T in the Time of Coronavirus

Diana Rose Newby // Why has COVID-19 killed more men than women? As the novel coronavirus SARS-CoV-2 continues its global spread, infection patterns and fatality rates have prompted this question both among medical experts and in the popular media. As of late April, data confirmed this disparity in multiple regions of the world: in China,…

Waiting for Laughter, Part 2: Finding Empathy for Pain Through Humor

James Belarde // AUTHOR’S NOTE: Both this article and Part 1 discuss a short play written by the author that can be found in its entirety here. “I don’t trust anyone who doesn’t laugh.” ­-Maya Angelou In my last article, I discussed a comedic (and tragic) play I wrote that was produced by my fellow…

My Graphic Medicine Journey (Part One)

  The idea that life is a journey made up of different stages is one that has appeared across time, in different cultures and media. It is a concept that is ingrained in our collective psyches, and cannot be escaped, being present in the way we choose to live, think, and speak about our lives.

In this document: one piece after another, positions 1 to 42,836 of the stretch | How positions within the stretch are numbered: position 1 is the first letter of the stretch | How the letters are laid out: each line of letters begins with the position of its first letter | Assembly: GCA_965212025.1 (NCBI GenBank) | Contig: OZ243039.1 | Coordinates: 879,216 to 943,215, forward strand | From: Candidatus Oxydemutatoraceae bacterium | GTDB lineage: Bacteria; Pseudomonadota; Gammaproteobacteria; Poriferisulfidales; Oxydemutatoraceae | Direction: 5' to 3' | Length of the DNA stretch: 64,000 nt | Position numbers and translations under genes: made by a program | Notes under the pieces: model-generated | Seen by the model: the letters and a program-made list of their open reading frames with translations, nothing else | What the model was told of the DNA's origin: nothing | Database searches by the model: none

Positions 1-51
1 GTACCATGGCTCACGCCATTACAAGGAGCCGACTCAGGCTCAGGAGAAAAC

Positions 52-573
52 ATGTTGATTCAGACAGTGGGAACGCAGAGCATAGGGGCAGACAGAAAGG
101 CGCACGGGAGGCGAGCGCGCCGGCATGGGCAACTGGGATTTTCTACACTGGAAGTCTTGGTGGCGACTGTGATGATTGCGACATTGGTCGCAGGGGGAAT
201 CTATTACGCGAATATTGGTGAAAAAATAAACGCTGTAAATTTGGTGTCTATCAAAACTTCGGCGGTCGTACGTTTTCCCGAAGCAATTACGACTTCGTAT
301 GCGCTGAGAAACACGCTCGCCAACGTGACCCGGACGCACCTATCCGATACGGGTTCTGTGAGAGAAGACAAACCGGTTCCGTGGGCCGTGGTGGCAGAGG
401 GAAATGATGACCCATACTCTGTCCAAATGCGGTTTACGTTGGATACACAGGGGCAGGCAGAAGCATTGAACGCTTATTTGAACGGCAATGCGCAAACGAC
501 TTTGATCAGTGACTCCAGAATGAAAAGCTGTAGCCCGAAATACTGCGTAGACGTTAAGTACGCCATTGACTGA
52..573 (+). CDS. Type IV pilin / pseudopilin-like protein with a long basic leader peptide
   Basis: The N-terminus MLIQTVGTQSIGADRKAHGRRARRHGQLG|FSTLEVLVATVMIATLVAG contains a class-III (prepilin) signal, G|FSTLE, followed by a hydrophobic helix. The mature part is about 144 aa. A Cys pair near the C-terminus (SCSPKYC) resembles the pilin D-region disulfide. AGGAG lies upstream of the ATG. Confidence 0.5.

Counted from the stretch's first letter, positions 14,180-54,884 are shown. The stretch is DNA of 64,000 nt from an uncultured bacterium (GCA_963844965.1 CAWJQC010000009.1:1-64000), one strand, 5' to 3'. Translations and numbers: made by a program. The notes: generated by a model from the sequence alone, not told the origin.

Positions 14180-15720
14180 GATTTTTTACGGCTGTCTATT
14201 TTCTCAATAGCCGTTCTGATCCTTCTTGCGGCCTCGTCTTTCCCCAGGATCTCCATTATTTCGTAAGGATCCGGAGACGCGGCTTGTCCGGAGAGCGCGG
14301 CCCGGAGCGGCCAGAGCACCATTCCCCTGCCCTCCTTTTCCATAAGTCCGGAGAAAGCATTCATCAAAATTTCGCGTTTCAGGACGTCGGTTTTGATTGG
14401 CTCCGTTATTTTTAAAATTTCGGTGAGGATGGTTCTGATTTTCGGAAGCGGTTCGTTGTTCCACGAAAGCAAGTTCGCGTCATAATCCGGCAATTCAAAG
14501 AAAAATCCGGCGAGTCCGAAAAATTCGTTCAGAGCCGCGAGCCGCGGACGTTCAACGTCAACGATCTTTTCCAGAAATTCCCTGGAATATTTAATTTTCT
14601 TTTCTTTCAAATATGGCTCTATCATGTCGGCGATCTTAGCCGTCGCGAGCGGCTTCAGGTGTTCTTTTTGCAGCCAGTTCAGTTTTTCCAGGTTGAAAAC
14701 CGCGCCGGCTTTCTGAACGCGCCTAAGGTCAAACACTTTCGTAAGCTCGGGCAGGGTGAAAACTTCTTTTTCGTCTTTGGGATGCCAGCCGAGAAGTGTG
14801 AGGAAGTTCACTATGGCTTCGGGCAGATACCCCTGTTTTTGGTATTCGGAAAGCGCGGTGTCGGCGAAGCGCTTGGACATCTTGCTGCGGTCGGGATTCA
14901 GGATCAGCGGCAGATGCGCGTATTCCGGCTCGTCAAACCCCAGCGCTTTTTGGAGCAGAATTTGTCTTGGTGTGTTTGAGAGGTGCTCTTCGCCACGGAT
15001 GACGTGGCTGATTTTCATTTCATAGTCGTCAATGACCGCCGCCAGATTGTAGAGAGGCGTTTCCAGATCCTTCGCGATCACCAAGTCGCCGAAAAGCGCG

Revaluing Illness: Virginia Woolf’s “On Being Ill”

Travis Chi Wing Lau // Recently republished by Paris Press, Virginia Woolf’s meditation from the sickbed first appeared in T.S. Eliot’s The Criterion in January 1926. In this short reflection, I want to consider how Woolf offers us an early model for a patient-centered narrative medicine that challenges reductive assumptions about sickness as a state…